To be on the primary ballot, the candidate must submit a petition with at least 5,000 signatures, and pay a $1,000 filing fee. Alternatively, the Kentucky State Board of Elections can place names on the primary ballot. However, any candidate placed on the ballot by the Board is still required to pay the $1,000 filing fee.

West Virginia

Candidates are required to submit either a $2,500 filing fee or 10,000 signatures in a petition. The filing fee is hefty, as is the signature requirement.

Oklahoma

Presidential candidates applying for primary ballot access in Oklahoma need to submit at least 5,000 valid signatures on a petition, with a minimum of 1,000 signatures from each of Oklahoma’s 5 congressional districts. Alternatively, if they consider the signature requirement too high, candidates can pay the equally hefty $2,500 filing fee requirement.

Missouri

Missouri requires either $1,000 in filing fee, or 5,000 signatures on a petition. The requirement is low compared to other states. However, there is no alternative board who might independently place the candidate’s name on the ballot. This makes Missouri one of the more difficult states to gain primary ballot access.

Pennsylvania

To be included on the primary ballot, presidential candidates need to submit a petition of at least 2,000 signatures. There is also a required filing fee of $200. There is no alternative board who can independently place a candidate’s name on the ballot. However, both the signature requirement and filing fee are relatively low.

10 States With The Easiest Ballot Access Requirements

South Dakota

South Dakota, by any standard, is the easiest state in which to gain access to a primary ballot. The candidate simply needs to submit his notice of intent to run in the state. His political party must then send verification of that candidate’s inclusion in the party to the secretary of state. There is no filing fee or signed petition required.

Florida

Florida is one of the most important swing states (considered by many the most important because it has 27 electoral votes). However, it also has one of the simplest ballot access requirements. The political party simply submits a list of the candidates it would like on the ballot. There is no filing fee or petition signature requirement.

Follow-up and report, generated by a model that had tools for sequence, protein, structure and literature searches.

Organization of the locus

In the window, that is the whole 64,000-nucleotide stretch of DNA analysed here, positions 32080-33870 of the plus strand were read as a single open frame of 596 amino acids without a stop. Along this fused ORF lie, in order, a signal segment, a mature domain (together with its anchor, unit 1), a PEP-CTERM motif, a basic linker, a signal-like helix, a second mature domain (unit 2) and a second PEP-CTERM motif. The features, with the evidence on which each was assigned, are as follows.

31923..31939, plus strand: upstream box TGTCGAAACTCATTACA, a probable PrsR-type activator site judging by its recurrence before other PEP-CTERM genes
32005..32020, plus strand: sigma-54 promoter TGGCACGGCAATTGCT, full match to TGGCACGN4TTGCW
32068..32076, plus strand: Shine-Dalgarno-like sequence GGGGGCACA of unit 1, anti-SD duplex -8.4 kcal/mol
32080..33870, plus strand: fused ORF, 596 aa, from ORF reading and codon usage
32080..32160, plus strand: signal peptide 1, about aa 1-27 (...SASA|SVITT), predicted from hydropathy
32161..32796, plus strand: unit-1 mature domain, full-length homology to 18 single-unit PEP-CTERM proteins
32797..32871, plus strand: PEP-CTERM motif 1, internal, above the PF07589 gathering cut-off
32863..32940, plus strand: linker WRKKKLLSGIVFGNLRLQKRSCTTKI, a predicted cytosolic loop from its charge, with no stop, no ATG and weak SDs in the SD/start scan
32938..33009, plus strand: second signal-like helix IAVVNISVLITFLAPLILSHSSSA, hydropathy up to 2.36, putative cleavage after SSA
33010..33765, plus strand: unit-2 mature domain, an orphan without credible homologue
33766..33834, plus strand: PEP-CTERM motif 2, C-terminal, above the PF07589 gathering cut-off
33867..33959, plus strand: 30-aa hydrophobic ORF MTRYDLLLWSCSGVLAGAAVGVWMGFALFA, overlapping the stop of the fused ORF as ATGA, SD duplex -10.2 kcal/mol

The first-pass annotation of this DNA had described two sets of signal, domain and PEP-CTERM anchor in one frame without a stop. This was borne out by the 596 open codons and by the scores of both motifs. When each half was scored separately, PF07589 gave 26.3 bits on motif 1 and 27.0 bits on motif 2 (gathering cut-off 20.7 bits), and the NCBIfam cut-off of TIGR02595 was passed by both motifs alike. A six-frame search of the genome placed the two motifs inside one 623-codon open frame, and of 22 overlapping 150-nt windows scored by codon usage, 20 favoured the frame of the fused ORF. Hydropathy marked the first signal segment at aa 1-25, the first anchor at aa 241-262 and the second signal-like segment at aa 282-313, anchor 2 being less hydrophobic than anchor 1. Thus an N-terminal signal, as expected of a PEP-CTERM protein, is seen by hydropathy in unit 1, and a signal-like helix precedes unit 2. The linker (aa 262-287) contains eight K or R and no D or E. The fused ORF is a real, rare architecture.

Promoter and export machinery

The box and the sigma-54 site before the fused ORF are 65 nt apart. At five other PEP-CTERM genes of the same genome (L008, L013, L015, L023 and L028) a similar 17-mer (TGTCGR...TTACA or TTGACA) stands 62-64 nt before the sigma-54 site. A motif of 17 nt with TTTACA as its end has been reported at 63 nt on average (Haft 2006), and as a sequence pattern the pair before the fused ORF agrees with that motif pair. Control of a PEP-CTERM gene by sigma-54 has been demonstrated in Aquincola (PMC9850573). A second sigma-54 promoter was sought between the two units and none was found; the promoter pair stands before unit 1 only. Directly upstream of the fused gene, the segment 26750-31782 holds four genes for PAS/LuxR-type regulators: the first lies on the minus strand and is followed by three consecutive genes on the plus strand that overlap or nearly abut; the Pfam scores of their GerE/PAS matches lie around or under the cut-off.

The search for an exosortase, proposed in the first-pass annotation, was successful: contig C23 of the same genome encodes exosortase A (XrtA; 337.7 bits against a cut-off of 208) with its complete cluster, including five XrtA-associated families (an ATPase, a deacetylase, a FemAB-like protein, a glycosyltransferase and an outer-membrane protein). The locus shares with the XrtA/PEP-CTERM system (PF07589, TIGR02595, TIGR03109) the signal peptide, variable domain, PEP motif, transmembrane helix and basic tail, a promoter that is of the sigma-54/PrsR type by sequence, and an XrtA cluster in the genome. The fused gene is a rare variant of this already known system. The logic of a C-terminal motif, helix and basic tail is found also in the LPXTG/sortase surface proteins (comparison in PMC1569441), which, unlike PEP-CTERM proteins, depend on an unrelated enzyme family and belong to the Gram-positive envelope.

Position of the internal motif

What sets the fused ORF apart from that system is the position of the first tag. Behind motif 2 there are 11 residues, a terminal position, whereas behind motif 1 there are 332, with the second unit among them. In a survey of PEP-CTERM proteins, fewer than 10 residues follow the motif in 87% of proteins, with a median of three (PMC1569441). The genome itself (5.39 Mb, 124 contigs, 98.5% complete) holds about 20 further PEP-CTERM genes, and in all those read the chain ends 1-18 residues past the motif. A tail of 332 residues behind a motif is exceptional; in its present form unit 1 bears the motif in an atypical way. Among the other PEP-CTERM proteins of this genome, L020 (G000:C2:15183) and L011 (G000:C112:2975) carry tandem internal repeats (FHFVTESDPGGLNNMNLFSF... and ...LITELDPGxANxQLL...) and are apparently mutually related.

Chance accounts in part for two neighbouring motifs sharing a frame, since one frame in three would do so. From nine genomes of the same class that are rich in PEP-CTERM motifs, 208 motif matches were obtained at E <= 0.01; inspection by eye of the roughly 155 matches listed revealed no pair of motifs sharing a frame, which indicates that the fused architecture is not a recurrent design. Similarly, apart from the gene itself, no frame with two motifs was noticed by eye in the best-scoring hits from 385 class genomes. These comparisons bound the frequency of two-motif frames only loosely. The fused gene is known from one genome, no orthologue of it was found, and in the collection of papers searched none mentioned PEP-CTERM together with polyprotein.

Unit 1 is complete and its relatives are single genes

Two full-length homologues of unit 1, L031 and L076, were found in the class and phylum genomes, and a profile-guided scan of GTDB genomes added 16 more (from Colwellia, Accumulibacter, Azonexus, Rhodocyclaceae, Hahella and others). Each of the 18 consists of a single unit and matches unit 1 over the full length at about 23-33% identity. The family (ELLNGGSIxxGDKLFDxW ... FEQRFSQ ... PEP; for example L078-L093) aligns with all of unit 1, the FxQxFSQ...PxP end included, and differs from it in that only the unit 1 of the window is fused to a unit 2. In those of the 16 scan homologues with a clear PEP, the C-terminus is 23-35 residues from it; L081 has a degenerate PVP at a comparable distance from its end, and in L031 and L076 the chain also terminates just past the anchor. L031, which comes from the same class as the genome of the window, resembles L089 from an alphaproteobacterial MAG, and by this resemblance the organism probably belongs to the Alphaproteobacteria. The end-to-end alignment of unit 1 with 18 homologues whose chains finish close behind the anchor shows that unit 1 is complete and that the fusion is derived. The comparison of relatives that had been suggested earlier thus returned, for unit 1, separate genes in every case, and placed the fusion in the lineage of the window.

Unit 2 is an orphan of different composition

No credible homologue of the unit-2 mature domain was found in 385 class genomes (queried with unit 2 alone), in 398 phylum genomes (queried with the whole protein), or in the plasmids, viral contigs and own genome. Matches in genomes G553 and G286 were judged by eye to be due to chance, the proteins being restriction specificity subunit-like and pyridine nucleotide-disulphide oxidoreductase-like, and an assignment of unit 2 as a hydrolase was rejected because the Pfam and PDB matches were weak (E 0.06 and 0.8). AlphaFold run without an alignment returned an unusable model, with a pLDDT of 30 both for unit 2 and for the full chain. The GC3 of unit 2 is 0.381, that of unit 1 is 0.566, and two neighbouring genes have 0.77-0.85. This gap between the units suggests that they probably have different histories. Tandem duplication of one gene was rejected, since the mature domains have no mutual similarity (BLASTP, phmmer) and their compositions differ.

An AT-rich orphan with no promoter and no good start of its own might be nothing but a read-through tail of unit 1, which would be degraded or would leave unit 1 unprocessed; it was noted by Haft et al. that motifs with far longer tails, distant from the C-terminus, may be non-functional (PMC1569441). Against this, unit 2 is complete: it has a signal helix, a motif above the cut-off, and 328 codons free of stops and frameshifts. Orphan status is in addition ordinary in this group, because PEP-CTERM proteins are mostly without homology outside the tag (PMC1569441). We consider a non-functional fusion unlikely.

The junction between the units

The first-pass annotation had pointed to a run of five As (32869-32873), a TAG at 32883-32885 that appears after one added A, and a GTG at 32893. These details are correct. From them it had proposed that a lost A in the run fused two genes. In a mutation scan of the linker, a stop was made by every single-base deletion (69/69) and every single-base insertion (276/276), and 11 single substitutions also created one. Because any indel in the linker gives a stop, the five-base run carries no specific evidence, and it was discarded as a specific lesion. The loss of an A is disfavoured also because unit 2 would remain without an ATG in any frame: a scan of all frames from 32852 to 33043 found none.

Idaho and New Hampshire

Idaho and New Hampshire have exactly the same ballot access requirement: a filing fee of $1,000. There is no signature requirement. This is more interesting for New Hampshire, which is also a crucial swing state. New Hampshire has a good record of picking out the winner in each presidential election, but it is also extremely easy to get onto the primary ballot.

Maryland

For a presidential candidate to have his or her name on Maryland’s primary ballot, they need to submit 400 signatures in a petition. Alternatively, the secretary of state can place the names on the ballot. There is no filing fee.

Mississippi

Mississippi has practically the same requirements as Maryland, but requiring 100 signatures more. The candidate can either submit a petition with 500 valid signatures, or the secretary of state could place the candidate’s name on the ballot. There is no filing fee for candidacy in Mississippi.

Nebraska

The ballot access requirement for the Nebraska primary is at least 300 signatures, at least 100 signatures from each of the state’s 3 congressional districts. Alternatively, the candidate’s name is placed on the ballot by the secretary of state.